The sentinels are always on guard. They pace silently as the snowflakes fall and the cold creeps in. They carry out their mission even when the winds howl and the rains come. Every hour of the day and every day of the year, the soldiers guard those who are buried here.
I first visited the Tomb of the Unknown Soldier in the summer of 1995 with a number of my fellow college of engineering graduates from Florida. Of all the magnificent sites seen during that trip, it was the Tomb of the Unknowns that stirred the strongest emotion.
The meaning behind the Tomb resonated with me in a way I could not have anticipated. In fact, the visit impacted our whole group as we walked through the cemetery and looked out over the endless rows of headstones. Quietly, we thought about those who sacrificed their lives to purchase our freedom.
For me, the experience instilled an interest in relocating to the D.C. area and to find some way to serve. Ultimately, my visit to the Tomb cemented a plan to attend law school and to do so in our nation’s capital. Two years later, I began school in Washington, D.C. and remained in the city for well over a decade, serving in both Congress and the Administration.
But my journey started at the Tomb.
The Tomb of the Unknown Soldier rests in the Arlington National Cemetery surrounded by over tens of thousands of gravestones. Many consider our National Cemetery to be the most sacred place in the United States, and it would be difficult to not be moved by its meaning.
The Cemetery was established during the Civil War, when the Union Army occupied General Robert E. Lee’s land and used it to bury their fallen soldiers. On May 13, 1864, the first fallen soldier was buried on the land which now serves as the cemetery. All told, over 16,000 Union soldiers were buried on Lee’s land during the Civil War. And, in 1866, the remains of 2,111 Union soldiers were buried in a common grave known as “unknown soldiers.”
Decades later, General William Connor proposed the burial of an unknown soldier from World War I to honor his service. In response, on December 21, 1920, federal legislation was introduced to create the Tomb of the Unknown Soldier and it passed Congress on March 4, 1921.
In late October 1921, a soldier was exhumed from an American military cemetery in France and selected for subsequent burial in Washington, D.C. This unknown soldier was transported to the United States and lied in state in the rotunda beneath our Capitol dome. Thousands of Americans paid their solemn respects. Finally, on November 11, 1921 (Armistice Day), the casket was moved by caisson from the U.S. Capitol to its final resting place in Arlington National Cemetery adjacent to the Memorial Amphitheater.
In 1932, a large sarcophagus was added to the Tomb of the Unknown Soldier. The sarcophagus is composed of seven marble slabs weighing a total of almost 160,000 pounds. On its east side facing the District of Columbia, three Greek figures are carved into the marble and represent Peace, Victory and Valor. On the opposite side reads the following inscription: “Here rests in honored glory an American soldier known but to God.”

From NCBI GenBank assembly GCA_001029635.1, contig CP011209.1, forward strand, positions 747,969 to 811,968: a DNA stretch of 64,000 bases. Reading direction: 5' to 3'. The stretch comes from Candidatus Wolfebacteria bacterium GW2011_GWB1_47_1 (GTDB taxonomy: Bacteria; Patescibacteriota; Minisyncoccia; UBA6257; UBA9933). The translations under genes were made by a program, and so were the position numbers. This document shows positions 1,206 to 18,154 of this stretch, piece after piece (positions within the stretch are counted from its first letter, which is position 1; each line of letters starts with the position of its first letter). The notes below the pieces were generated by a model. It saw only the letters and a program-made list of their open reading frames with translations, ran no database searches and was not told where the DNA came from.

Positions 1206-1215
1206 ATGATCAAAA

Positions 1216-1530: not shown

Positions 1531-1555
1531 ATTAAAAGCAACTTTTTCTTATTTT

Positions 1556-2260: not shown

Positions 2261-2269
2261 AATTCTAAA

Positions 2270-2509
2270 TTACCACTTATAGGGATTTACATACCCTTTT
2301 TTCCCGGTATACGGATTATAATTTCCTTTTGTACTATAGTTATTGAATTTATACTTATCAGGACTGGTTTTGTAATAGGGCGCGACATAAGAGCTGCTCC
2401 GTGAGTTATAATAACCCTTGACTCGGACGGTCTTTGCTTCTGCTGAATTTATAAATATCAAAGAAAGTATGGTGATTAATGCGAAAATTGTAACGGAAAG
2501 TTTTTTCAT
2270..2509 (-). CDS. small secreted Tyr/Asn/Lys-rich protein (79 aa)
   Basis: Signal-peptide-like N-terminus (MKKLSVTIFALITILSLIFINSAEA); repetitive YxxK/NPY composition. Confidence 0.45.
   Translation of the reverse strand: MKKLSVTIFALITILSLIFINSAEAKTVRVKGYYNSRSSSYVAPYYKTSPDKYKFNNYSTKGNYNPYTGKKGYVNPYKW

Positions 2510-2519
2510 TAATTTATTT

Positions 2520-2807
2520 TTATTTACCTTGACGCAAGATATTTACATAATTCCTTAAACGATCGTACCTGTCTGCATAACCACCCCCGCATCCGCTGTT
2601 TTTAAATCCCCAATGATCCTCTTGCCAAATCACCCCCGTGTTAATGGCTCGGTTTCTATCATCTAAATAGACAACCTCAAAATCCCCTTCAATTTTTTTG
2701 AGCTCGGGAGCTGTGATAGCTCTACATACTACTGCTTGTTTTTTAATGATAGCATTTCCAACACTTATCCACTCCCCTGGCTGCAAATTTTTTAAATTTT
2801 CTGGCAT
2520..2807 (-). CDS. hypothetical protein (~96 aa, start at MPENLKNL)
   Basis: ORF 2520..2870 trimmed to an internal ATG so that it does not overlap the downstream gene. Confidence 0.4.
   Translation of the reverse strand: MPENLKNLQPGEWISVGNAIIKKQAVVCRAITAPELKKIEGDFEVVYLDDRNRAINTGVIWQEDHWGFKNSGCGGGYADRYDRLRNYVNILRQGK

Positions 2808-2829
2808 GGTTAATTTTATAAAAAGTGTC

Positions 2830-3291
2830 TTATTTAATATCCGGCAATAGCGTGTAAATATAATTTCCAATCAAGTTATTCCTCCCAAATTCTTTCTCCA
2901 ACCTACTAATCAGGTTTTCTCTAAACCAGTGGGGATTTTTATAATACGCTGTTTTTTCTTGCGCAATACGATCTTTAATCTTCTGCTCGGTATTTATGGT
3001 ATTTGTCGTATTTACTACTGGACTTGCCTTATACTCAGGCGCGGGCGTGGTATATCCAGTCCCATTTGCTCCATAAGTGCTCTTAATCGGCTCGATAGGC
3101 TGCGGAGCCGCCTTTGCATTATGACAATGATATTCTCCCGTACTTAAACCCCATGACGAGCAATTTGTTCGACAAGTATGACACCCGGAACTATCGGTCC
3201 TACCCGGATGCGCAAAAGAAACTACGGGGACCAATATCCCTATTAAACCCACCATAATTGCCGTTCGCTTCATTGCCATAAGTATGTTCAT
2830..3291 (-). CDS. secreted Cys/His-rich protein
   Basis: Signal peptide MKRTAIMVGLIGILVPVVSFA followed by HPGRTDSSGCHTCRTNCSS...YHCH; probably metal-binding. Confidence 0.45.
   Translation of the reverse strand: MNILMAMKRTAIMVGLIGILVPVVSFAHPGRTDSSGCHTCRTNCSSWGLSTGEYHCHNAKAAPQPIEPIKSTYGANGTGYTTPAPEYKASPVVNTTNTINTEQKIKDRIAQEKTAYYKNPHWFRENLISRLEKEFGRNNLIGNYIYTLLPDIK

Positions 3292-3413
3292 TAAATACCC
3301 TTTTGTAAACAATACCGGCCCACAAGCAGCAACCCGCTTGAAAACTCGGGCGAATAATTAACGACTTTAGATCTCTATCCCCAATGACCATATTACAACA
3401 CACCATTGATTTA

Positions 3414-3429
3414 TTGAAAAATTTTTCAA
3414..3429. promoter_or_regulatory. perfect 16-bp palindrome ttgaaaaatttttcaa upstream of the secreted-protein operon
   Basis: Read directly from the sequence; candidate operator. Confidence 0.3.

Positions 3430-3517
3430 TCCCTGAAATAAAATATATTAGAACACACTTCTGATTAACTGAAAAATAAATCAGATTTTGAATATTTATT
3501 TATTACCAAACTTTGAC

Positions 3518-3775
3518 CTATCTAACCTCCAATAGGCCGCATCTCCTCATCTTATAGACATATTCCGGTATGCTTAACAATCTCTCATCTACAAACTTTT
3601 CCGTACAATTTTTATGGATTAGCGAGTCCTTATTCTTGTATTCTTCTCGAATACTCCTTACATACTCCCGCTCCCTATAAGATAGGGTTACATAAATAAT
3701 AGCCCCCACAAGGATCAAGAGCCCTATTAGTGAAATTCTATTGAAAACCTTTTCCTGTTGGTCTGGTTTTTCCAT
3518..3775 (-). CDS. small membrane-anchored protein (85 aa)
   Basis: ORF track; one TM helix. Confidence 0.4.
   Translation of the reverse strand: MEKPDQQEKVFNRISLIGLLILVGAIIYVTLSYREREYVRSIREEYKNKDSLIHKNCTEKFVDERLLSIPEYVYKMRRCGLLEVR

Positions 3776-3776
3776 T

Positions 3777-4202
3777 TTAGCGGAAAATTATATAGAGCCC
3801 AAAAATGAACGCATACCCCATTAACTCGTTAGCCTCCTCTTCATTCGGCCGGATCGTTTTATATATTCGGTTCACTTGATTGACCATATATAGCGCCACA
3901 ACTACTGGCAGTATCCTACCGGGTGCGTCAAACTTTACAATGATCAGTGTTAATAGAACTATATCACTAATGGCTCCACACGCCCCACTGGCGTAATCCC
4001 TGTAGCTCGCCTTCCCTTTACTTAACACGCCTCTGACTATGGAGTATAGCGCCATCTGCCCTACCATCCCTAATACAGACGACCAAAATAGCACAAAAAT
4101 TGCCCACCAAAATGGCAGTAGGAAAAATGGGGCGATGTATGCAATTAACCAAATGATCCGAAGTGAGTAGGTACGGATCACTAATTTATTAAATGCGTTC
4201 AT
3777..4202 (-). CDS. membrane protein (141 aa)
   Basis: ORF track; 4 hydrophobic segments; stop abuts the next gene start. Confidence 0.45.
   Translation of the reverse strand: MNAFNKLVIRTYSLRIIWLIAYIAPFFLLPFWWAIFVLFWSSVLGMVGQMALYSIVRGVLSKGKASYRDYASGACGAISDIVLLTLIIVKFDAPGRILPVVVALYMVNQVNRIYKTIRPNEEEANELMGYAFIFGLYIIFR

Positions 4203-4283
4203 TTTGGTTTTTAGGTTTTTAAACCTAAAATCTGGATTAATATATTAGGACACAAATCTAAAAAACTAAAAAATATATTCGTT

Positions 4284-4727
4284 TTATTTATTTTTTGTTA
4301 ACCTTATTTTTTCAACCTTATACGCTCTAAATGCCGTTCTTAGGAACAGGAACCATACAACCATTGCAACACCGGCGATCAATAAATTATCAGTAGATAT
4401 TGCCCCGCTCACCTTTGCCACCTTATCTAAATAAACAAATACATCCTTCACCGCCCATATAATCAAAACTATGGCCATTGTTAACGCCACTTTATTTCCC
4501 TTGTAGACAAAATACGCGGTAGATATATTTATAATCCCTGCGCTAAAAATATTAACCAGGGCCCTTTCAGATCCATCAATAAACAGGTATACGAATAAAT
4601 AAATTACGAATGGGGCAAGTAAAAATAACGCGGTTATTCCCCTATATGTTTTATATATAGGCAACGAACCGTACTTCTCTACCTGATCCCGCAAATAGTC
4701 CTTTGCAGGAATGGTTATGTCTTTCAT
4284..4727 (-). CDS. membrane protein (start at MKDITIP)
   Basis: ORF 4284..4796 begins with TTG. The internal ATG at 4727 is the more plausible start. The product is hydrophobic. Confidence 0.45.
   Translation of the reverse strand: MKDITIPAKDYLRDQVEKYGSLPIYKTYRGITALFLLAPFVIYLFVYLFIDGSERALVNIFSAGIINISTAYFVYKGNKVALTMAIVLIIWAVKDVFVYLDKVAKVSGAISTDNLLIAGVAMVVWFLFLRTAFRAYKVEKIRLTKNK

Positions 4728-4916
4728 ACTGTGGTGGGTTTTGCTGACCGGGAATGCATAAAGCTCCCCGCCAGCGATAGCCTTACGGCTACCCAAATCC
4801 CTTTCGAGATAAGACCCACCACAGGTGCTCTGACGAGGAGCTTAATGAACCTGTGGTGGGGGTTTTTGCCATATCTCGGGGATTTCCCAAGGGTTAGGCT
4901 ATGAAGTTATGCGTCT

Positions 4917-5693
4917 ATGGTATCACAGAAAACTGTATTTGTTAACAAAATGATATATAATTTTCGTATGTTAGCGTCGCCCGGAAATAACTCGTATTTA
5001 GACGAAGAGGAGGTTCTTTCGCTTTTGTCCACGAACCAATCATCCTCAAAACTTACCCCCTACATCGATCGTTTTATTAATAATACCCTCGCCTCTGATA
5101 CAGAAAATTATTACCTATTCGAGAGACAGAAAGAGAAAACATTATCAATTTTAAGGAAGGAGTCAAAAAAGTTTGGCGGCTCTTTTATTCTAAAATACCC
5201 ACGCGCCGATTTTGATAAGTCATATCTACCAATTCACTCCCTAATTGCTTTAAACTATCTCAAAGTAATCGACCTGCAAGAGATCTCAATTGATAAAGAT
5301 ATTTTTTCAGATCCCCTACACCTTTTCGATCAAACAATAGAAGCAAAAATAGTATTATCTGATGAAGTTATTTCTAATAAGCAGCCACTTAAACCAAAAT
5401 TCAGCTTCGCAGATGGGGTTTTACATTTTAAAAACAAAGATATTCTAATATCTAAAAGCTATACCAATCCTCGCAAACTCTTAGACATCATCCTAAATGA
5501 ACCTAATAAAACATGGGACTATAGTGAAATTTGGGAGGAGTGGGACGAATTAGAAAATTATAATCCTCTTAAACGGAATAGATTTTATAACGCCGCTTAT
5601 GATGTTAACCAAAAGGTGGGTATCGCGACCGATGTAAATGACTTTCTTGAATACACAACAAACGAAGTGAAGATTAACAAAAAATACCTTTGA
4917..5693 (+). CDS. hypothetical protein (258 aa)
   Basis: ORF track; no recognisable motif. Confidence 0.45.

In the coming years, additional unknown soldiers from World War II, Korea and Vietnam were honored and interred at the Tomb in separate crypts. Records later identified the Vietnam War soldier and his remains were exhumed and presented to his family for burial. Today the Vietnam crypt remains empty but stands as a testament to those soldiers who remain missing in action.
All of the unknown soldiers have been given Congressional Medals of Honor posthumously. It is fitting that America’s highest honor is awarded to an unknown soldier, representing a sacrifice so great, so consuming, that even their identities were lost in service to their nation.
From its dedication in 1921, the Tomb of the Unknown Soldier was left completely unguarded. In 1925, a civilian guard was posted during the day, but the Tomb remained unattended at night. To prevent any desecration or disrespect, in March 1926, a permanent military guard was posted. As the oldest branch of the U.S. armed forces, the Army was assigned this duty.
Since July 1, 1937, the Tomb has been guarded without fail—every minute of every day. And, in April 1948, the responsibility was permanently assigned to the U.S. Army’s historic 3rd Infantry.
The 3rd U.S. Infantry is an old and decorated unit that was established in 1784. It is referred to as the “Old Guard” for its fierce fighting during the Mexican War. Based in Fort Myer, Virginia, the Old Guard provides sentinels for the Tomb of the Unknown, but also performs other duties including military security to the nation’s capital during a national emergency.
The Old Guard wears a black and tan buff strap on the left shoulder. This symbolizes the knapsack strap that soldiers wore in the 1800s. Additionally, only the Old Guard marches with fixed bayonets. This display commemorates the 3rd Infantry battle in the Mexican War when Mexican troops suffered a deadly bayonet charge.
Service as a sentinel at the Tomb is extremely stressful, demanding advanced physical and mental fitness. Prospective guards are required to possess exemplary qualities, including a spotless military and criminal record. Serving for 18-24 months, guards undergo an intense training of at least nine months prior to their service. Perfection is expected with constant and critical evaluations on uniform, posture and performance. Often, remedial training is assigned.